Jesse Helms dies

Jesse Helms, the Republican US senator for North Carolina has died. Now this may seem an unsual story for BUCF to comment on as he was not a particularly well known politician to us Brit’s, however through friends of the family who live in Georgia USA, I have had the pleasure to meet Mr Helms and I knew him to be a deeply conservative and deeply patriotic man. He was a passionate defender of the rights of the individual, a true conservative and a staunch opponent to what he termed the ‘freight train of liberalism’ that threatended to ‘mow us down’. Whilst I do not agree with everything he stood for I acknowledge the true grit and conviction of this great man.

If it were not for the actions of Jesse Helms the world may never have been graced with Ronald Reagan as President and the world today could have been a very different, much worse, place. As Nancy Reagan herself acknowledged many years ago, had Helms not put his considerable political weight and organization behind Reagan so that he was able to win North Carolina in the battle for the 1976 Republican nomination, there may have never been a Reagan presidency in 1980. For that alone we owe him an enormous debt. He was a man who said what he meant and meant what he said. For a true US patriot I am proud, as I know he would be, that he met his end on July 4th. Independence day. A true testiment to a truly great man. My favourite quote of his is as follows:

“Compromise?! hell! … If freedom is right and tyranny is wrong, why should those who believe in freedom treat it as if it were a roll of bologna to be bartered a slice at a time?”

Never a truer word spoken. Rest in peace Mr Helms.

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5 thoughts on “Jesse Helms dies

  1. Of course he did. I hope you don’t think I meant the actual presidential election, I am talking abut Reagan’s nomination battle in 1976. Helms supported Reagan in 1976 in a presidential primary challenge to the sitting President (Ford). Reagan’s candidacy was near collapse when it came time for the North Carolina primary. Helms was in charge of the effort, and Reagan won a startling upset that resurrected his challenge. The rest as they say is history.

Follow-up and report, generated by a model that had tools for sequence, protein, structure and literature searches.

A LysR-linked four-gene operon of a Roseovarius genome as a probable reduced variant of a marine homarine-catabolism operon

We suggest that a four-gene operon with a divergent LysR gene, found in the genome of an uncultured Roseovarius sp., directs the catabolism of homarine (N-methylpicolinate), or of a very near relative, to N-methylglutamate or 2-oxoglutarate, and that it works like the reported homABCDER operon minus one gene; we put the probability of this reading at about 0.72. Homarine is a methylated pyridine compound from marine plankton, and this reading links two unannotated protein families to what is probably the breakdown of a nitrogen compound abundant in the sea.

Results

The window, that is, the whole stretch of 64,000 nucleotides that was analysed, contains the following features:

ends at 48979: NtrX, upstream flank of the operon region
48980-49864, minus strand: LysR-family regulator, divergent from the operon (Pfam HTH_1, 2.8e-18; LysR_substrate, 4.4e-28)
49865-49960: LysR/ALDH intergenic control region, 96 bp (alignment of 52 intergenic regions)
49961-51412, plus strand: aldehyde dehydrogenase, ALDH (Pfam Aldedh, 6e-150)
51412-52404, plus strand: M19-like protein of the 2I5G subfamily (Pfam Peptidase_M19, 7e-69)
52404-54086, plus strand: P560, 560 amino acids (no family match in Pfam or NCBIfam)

Had Reagan lost North Carolina, despite his public pronouncements, his revolutionary challenge to Ford, along with his political career, would have ended unceremoniously. He would have made a gracious exit speech, cut a deal with the Ford forces to eliminate his campaign debt, made a minor speech at the Kansas City Convention later that year, and returned to his ranch in Santa Barbara. He would probably have only reemerged to make speeches and cut radio commercials to supplement his income. Reagan would have faded into political oblivion. His close second place and strong challenge that really began with North Carolina and Jess meant Reagan was never going to fade in to insignificance.

  2. I fail to see that? In 1976 he was regarded as weak and unlikely to win the nomination (which he didnt) but his strong and unexpected second place showing meant he was able to come back in 1980 and win the nomination and the presidency…. and then go on to win th presidency again in 1984. Even reagan, the man who would know, acknowledged the role Helms played in his political career. We can only speculate. Helms and Reagan actually knew.

  3. Reagen was hardly going to say “oh Helms, what a prat” on the event of his death. His ’76 bid helped in some ways but challenging an incumbent president got him a lot of enemies.

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